Leverage (TNT — December 2008) Hollywood-style pitch: Ocean’s Eleven meets Burn Notice. Nate Ford (Timothy Hutton), a former Insurance Fraud investigator assembles a team of a computer fraud expert (Aldis Hodge), a thug (Christopher Kane), a crazy thief (Beth Riesgraf), and a con-woman (Gina Bellman). After their first heist stealing back secrets an avionics company on behalf of the company they actually belong to, Ford and the team decide to take up tough-luck cases and set themselves up as do-gooder con-people for hire, using “alternative revenue streams”
Here’s a quote from Ford that encapuslates the team’s mission statement: “People like that, corporations like that — they have all the money, they have all the power, and they use it to make people like you go away. Right now, you’re suffering under an enormous weight. We provide…leverage”
The show is witty, sharp, has great twists and turns and double-crosses, with a cast of complicated untrustworthy compelling people. Undoubtedly we’ll learn about these people’s pasts, see them confronted with great ethical/moral choices, and get snarky smart geeky heist/capers along the way. Set your Tivo now, even though it doesn’t debut until December.
True Blood (HBO — September 7)
Brought to HBO by Alan “Six Feet Under” Ball, this show is an adaptation of the Southern Vampire Mysteries series by Charlaine Harris.
Imporant note: This is not just Stephanie Meyer’s Twilight for the 20-something set. The series gives a fresh, or at least less-coffin-stale version of vampires, with the bloodsuckers having recently “Come out of the coffin” and joined mainstream society (or at least are trying). The vampire community has the advantage to do so as a result of the wide release of a Japanese cocktail called “Tru Blood” which provides for all of a vampire’s nutritional needs — the ultimate protein shake, so to speak.
The sociological laboratory for the effects of this attempted integration works at marrying two still-relevant civil rights issues by setting the show in small-town Louisiana. The Vampire-as-Other metaphor sometimes leans towards Vampire as GLBT, sometimes towards Vampire as black. Our POV into this world is Sookie Stackhouse (Anna Paquin), a telepathic waitress (smart money says the telepathy is some kind of connection to the vampire world, which means she’s already a liminal figure, between humanity and the vampires. Folklorically speaking, it makes her a perfect mediator). Her Beauty-and-the-Beast counterpart is Bill Compton (Stephen Moyer), a loner-type vampire with dark soulful eyes that will doubtless send as many/more fangirls into a heart-flutter as Paquin will do for geekboys (each of course will also woo fans of any gender identity and biological configuration that makes them attracted to either gender/sex, obviously).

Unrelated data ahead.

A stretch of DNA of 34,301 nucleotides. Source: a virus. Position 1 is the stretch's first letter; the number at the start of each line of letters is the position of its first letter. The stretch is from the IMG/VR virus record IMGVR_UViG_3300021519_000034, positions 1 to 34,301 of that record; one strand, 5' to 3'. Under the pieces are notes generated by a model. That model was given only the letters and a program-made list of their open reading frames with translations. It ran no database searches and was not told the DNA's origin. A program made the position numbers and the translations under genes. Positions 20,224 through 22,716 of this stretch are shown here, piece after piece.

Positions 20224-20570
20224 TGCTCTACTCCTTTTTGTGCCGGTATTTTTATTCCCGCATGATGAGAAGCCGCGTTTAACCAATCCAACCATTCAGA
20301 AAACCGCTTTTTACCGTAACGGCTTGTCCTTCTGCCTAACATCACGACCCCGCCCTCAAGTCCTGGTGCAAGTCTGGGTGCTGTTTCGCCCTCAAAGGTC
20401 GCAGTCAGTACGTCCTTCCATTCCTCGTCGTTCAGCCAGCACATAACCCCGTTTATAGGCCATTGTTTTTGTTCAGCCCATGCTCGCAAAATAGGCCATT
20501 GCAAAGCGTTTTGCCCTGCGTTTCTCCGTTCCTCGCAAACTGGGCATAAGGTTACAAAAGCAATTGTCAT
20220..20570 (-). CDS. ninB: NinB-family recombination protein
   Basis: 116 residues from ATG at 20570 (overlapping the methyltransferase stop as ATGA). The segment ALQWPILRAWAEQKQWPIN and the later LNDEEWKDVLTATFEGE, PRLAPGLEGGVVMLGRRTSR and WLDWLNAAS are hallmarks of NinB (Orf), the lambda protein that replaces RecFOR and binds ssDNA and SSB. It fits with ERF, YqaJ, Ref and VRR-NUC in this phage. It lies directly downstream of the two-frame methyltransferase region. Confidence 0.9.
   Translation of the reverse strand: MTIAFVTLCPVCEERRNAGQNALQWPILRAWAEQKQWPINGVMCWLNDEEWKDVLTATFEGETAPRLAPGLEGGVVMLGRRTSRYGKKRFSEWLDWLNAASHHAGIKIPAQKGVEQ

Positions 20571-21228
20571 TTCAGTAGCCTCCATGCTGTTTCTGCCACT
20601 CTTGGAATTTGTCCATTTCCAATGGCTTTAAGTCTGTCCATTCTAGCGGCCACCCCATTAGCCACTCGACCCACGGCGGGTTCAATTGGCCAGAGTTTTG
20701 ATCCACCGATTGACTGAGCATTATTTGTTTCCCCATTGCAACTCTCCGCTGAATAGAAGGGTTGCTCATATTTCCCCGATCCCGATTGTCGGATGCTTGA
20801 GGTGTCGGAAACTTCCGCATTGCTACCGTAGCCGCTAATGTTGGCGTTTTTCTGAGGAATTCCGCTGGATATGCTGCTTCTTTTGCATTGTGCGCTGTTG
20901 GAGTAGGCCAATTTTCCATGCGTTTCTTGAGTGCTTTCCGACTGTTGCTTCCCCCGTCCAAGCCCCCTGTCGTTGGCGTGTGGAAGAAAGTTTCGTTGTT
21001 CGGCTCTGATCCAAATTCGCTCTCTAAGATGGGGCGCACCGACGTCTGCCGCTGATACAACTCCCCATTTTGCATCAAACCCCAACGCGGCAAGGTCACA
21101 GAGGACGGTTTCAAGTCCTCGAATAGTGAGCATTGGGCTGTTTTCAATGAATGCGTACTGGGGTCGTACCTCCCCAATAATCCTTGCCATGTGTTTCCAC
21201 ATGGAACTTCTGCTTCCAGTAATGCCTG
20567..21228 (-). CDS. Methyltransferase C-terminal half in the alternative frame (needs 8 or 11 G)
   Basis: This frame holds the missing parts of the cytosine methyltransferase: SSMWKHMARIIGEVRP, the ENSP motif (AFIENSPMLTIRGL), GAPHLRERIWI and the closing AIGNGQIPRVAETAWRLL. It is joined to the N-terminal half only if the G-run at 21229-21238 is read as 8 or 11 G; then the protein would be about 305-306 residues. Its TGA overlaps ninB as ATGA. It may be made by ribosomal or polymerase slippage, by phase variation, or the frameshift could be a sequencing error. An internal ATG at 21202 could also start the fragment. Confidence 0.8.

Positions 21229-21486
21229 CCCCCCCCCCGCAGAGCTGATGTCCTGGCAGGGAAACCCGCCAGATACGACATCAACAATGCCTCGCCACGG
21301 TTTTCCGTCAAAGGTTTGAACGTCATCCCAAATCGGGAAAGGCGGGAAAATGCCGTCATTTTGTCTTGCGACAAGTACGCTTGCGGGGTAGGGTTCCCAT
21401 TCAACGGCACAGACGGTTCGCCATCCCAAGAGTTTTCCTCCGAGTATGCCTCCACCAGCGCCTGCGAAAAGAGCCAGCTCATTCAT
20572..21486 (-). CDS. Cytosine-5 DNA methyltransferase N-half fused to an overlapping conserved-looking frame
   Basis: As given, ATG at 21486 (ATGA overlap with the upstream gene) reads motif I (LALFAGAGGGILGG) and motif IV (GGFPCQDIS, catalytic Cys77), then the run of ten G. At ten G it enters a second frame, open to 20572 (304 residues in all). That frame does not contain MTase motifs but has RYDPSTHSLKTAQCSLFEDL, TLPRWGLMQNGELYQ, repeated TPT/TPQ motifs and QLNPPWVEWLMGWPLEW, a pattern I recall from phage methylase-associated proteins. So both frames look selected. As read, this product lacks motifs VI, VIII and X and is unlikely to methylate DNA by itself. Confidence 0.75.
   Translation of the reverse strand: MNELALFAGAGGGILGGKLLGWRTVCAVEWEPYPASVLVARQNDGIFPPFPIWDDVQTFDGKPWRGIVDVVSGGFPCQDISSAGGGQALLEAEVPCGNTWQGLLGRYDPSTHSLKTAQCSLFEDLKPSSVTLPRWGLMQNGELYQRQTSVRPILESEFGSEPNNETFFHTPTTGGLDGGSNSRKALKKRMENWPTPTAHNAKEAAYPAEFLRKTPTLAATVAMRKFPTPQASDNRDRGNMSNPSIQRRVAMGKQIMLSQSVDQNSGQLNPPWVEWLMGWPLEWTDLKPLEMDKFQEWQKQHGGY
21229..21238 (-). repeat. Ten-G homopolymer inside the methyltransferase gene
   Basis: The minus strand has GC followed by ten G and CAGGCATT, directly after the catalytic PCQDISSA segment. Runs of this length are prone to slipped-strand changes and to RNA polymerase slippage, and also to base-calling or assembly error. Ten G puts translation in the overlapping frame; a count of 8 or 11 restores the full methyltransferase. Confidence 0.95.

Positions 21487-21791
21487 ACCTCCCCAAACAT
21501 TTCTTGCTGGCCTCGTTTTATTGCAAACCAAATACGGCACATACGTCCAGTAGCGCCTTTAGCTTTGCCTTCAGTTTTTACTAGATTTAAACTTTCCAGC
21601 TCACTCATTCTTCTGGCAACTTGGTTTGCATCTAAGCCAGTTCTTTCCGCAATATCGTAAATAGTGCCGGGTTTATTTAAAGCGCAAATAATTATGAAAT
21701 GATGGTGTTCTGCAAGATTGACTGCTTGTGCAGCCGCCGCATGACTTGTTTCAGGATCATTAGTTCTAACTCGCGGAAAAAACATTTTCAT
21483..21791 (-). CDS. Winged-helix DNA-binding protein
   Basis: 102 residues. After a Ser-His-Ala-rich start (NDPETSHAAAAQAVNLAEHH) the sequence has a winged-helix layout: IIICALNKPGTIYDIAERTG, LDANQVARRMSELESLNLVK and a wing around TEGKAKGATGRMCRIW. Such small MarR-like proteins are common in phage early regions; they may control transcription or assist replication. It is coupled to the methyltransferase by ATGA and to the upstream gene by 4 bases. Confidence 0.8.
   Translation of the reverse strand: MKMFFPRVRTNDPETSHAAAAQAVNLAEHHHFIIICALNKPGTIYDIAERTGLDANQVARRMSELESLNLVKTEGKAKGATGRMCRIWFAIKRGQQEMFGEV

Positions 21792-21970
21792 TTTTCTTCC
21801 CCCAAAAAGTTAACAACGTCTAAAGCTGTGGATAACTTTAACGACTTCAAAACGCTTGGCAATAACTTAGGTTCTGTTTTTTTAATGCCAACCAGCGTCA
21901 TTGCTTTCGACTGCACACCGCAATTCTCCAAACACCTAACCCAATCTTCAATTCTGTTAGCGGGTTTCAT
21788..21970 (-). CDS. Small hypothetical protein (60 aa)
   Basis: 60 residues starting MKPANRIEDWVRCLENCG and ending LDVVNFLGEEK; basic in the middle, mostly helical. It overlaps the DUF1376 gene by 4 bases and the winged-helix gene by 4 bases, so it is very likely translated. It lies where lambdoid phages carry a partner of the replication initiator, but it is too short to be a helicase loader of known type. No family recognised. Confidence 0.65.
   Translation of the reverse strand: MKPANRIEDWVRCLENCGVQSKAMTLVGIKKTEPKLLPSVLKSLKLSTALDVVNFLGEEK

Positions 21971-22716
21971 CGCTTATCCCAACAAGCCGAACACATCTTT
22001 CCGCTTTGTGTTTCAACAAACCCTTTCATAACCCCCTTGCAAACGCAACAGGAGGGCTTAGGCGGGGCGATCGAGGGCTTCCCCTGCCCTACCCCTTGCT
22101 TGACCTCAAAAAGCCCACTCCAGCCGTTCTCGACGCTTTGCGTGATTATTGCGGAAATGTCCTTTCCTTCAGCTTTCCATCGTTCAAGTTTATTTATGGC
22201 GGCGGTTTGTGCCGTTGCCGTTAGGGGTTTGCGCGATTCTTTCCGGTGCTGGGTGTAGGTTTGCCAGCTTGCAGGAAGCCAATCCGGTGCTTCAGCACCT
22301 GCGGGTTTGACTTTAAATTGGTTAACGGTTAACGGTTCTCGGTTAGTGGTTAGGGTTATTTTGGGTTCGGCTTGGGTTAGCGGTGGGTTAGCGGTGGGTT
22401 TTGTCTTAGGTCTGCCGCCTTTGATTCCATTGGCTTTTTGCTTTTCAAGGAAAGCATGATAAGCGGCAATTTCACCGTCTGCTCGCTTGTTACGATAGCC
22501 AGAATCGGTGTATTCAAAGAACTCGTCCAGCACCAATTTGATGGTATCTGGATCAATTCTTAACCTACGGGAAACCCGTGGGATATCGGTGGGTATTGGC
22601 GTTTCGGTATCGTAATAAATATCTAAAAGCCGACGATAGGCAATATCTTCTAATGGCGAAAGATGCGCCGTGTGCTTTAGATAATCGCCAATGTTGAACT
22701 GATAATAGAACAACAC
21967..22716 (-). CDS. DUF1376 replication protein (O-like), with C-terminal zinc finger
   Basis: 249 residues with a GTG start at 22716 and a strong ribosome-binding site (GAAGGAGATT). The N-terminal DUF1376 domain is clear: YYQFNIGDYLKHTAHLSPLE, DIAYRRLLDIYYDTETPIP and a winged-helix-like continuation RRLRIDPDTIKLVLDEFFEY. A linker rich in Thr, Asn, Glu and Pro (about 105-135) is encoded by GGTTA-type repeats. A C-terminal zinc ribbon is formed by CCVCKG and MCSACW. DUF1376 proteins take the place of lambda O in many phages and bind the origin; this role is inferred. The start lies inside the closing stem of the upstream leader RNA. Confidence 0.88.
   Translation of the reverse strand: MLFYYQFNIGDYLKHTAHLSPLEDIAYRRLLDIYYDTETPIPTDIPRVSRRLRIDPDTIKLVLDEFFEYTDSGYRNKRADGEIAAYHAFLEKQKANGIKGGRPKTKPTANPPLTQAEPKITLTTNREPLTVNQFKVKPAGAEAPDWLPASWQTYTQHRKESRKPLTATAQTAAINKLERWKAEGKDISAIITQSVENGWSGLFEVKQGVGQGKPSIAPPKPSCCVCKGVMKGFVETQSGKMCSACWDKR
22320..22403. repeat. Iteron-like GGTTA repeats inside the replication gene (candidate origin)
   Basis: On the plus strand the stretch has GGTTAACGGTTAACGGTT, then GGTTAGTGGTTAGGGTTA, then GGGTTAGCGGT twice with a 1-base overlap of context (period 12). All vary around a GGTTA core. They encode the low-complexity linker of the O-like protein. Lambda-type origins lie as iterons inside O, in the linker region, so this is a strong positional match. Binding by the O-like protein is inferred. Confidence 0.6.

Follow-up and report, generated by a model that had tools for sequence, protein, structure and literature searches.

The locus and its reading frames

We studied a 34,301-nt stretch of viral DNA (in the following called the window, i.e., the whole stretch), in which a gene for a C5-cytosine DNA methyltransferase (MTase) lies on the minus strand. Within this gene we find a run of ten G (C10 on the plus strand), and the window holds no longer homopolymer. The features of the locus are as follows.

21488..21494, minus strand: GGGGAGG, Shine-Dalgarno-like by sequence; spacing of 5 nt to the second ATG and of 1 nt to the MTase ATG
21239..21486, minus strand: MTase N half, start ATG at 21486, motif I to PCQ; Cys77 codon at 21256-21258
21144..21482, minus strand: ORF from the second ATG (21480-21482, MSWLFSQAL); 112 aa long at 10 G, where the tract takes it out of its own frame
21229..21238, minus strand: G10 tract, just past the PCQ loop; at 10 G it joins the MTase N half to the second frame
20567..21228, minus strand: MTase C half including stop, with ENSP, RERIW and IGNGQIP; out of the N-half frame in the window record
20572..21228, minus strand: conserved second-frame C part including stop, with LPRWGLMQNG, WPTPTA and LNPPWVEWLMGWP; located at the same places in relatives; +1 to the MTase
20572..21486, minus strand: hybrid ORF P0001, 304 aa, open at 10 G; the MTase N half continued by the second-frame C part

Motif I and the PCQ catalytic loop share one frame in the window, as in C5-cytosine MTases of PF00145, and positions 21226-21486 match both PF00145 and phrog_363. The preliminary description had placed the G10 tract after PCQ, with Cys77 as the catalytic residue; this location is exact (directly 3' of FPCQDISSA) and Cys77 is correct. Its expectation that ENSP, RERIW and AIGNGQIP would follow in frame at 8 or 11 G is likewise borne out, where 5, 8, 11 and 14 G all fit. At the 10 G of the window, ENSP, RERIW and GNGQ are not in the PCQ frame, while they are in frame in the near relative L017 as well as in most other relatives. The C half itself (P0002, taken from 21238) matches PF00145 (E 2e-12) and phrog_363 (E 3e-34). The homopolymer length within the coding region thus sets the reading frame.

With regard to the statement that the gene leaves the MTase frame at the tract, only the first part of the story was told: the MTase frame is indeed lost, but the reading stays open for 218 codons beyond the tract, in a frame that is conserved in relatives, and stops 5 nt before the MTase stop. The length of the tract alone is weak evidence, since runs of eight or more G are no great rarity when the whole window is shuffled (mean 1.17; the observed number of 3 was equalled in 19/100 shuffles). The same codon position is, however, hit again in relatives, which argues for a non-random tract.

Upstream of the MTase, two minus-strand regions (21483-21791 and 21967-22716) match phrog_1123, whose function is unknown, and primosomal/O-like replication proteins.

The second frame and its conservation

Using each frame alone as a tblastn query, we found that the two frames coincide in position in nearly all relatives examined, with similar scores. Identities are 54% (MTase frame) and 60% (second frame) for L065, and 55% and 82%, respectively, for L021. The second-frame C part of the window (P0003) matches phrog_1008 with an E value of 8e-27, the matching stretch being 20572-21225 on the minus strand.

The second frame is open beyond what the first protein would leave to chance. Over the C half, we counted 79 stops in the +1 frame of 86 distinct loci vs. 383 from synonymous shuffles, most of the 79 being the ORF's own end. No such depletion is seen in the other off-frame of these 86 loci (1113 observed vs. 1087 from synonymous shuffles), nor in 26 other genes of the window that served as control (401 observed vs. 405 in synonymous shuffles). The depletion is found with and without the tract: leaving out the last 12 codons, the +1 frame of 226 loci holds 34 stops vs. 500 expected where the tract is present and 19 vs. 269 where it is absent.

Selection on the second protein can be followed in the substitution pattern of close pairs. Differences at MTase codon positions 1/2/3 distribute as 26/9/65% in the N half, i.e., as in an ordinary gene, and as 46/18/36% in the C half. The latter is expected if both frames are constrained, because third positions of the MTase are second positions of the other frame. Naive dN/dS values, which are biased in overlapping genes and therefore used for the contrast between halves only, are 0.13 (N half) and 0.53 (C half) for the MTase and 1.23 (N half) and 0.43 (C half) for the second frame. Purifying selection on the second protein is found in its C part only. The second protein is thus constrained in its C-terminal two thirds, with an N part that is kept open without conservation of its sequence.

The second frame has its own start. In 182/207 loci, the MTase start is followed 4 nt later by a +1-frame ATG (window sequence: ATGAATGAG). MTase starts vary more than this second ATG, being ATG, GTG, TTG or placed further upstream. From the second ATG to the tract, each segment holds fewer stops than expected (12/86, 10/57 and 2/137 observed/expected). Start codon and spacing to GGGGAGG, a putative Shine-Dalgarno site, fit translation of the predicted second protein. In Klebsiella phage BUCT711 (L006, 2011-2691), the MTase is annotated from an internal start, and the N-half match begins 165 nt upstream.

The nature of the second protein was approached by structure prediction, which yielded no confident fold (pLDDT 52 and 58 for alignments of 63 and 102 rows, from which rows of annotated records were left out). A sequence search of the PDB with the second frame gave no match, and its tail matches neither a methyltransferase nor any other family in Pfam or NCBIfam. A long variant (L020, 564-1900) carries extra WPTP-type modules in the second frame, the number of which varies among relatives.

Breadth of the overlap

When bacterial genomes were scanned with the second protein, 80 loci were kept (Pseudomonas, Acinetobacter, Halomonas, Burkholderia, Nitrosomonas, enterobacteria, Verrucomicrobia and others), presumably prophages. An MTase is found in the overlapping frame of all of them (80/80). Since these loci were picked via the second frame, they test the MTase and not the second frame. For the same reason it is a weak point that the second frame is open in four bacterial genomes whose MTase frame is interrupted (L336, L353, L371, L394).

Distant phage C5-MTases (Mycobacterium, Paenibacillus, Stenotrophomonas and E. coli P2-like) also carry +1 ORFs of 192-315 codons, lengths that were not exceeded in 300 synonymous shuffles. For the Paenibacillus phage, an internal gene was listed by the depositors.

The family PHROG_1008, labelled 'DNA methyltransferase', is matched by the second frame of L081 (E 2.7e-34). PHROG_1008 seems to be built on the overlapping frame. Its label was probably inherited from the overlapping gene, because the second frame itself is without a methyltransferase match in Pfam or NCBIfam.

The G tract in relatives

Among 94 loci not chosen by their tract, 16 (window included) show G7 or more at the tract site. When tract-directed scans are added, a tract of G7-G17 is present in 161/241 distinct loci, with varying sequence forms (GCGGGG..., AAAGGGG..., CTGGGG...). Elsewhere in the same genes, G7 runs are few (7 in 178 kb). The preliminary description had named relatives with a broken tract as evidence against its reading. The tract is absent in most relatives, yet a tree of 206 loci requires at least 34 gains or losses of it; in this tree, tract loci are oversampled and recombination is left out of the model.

Sookie and Bill’s romance will serve as our case-study for Vampire-Human relations, with the supporting characters filling out various stereotypes about dating across lines of cultural difference while playing out their own interpesonal dramas. Such dramas include Sookie’s best friend, a mouthy african-american woman who can’t keep a job becaus she’s just too uppity (Huh?), Jason Stackhouse, Sookie’s womanizing trouble-magnet brother, and more. The Telepathy effect is interesting, but can sometimes make it as hard to sort out the important information as it must be for Sookie. I had to go back a couple of times to get the most important lines.
The preair I watched was missing a few bits, so I’ll have to re-watch now that it’s legitimately been shown.
All three of these shows get the 21st Century Geeks stamp of approval, ranging in enthusiasm from ‘check it out’ to ‘Made of Awesome.’
Ever since my seminar on aesthetics, I’ve been thinking about awesomeness. Awesomeness as its own aesthetic, a distinct artistic urge/dao that is often slavishly followed, draws huge attention, and yet hasn’t really been examined in a way that makes me happy — or if it has, I haven’t seen it.
I’ve been talking about how I’m going to write an article called “On the Aesthetic of Awesomeness” — so here are some notes for me to start with, as building blocks. This is intended to be a work in progress, a making public of my academic process for the purposes of discussion and self-reflection. I’m aware in this discussion of the inherent silliness of talking seriously about awesomeness, but I think there are important points not being explored here.
What do I mean by Awesomeness?
Awesomeness is an aesthetic agenda associated what we call in the speculative fiction field the ‘Sense of Wonder’ — The sense of wonder is revelatory, the amazement that comes from being confronted with something new and striking. I’d say that the Sense of Wonder is one of the modes of the aesthetic of awesomeness.
Other notable moves/moments that would count as Awesome:
And more generally:
Awesomeness is about potency, strength, competence in action, it’s the stuff that makes you go ‘whoah’ in varying degrees of Keanu Reeves-itude.
Awesomeness vs. ‘literary merit’
Just because something has what people argue over as literary/artistic merit doesn’t mean it’s awesome. Awesomeness has been ignored in aesthetic considerations (and no, it’s not the sublime, though the original meaning of the word awesome would suggest as much.)
‘Awesome’ has experienced a cultural linguistic renaissance in the last few years, with notable champions in popular culture such as How I Met Your Mother, “Captain Awesome” in Chuck, and others.